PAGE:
Friday, March 15, 2013
Recently I posted about an attempt to find opportunity in disappointment. Rather than dwell in the negative, for once I made a conscious effort to move forward. Somehow, it worked and brought good things faster than I thought possible.
I found myself asking questions about my purpose and goals and how I can meet them professionally. If that sounds like a cheesy, horrific self-help exercise, it probably was, but it helped. I realized I'd rather be doing something to help people. Period. But wouldn't it be nice to help people while doing something I enjoy, and how do I manage that? Right now I help change kids' lives in SC - a select few, and with many parameters - but knowing that gets me through the workday.
When one professional opportunity ended last month, it helped me refocus on my intentions. I became intrigued by studies on social entrepreneurship, the role of women in social entrepreneurship, and my interest in for-profit companies who focus on doing good, a la Warby Parker. I looked for projects to work on, and John and I brainstormed problems we could potentially solve with a project of our own. Though our ideas were intriguing, we lack the money, the time, the everything to make them happen. A nagging voice kept telling me I could probably be most useful by combining my natural empathy and communication skills to be the voice for other people's movements. Finding the chance to do that professionally, however, seemed impossible given my background.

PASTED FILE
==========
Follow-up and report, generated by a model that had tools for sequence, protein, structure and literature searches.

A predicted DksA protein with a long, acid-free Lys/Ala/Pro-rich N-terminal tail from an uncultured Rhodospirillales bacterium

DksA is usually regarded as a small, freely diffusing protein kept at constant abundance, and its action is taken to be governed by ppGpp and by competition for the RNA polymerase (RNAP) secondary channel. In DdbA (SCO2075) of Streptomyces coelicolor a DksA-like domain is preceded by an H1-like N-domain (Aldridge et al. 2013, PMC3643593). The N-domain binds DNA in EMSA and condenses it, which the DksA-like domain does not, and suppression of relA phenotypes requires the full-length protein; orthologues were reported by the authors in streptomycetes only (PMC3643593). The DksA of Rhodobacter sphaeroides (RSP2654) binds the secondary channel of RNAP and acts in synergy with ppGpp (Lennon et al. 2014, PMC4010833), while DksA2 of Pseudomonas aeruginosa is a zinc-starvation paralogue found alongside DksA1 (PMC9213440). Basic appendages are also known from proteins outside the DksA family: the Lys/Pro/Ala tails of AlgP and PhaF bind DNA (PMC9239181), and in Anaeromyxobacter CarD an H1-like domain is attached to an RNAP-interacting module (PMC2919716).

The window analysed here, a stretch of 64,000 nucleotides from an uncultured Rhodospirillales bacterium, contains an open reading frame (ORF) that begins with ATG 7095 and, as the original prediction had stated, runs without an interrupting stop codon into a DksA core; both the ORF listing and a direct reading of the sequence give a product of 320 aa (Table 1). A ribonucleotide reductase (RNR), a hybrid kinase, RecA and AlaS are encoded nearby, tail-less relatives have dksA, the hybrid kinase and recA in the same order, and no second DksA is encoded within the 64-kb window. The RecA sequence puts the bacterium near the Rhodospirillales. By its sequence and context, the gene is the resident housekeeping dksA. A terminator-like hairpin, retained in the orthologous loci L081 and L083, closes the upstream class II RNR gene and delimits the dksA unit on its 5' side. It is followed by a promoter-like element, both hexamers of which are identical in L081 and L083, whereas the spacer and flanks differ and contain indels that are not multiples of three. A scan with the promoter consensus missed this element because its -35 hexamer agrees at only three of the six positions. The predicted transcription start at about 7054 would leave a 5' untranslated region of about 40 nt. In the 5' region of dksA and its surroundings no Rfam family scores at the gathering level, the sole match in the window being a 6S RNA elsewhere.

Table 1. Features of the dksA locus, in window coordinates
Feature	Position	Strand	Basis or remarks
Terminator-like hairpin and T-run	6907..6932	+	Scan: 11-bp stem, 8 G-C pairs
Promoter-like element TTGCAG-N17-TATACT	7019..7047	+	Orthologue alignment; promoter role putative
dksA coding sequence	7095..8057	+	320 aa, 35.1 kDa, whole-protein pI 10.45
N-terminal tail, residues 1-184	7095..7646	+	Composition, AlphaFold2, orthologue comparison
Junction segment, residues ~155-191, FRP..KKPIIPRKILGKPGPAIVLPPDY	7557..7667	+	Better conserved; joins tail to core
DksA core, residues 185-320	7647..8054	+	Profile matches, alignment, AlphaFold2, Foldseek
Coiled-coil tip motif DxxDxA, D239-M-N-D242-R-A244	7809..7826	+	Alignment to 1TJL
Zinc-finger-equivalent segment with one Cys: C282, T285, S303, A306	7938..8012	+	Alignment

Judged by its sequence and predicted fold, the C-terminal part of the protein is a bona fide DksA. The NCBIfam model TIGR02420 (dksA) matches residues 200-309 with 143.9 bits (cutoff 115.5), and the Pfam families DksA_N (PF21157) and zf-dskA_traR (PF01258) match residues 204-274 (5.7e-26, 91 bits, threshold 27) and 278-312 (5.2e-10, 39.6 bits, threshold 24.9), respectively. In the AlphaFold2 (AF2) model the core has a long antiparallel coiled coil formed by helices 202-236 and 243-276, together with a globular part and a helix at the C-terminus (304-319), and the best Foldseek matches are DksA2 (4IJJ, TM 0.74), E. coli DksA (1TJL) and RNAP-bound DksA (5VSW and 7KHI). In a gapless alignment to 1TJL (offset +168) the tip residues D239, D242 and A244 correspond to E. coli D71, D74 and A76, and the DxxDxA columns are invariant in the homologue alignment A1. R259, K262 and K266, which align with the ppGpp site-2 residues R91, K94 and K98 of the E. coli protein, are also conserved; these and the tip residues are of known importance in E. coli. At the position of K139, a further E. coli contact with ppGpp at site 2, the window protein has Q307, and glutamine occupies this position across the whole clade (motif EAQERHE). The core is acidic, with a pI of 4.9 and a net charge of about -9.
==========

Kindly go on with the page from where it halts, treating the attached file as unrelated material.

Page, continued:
Enter Prosper PR. I stumbled across them on Twitter and was intrigued by their mission. They're a marketing communication firm that intentionally looks beyond brand and product, instead making their focus social impact and cause-based initiative. They want to help people who are doing good.
I started following the founder's blog, The Impact Innovators. Soon Prosper was looking for interns, and I wrote a letter that felt far-fetched, mostly because it began with the words "I'm not in Chicago." To my delight, they were willing to consider remote work for the right person, and I'm honored to begin next week.
It seems like, maybe, when you finally realize your purpose, or part of it, it can fall together easily and at lightning speed. My relationship with John happened that way. It's thrilling when something just comes to you. John calls it allowing yourself to be pulled through life rather than pushing. The lack of struggle is almost eerie, because the things before the right things - artistic, professional, romantic, whatever - felt like fighting every step of the way.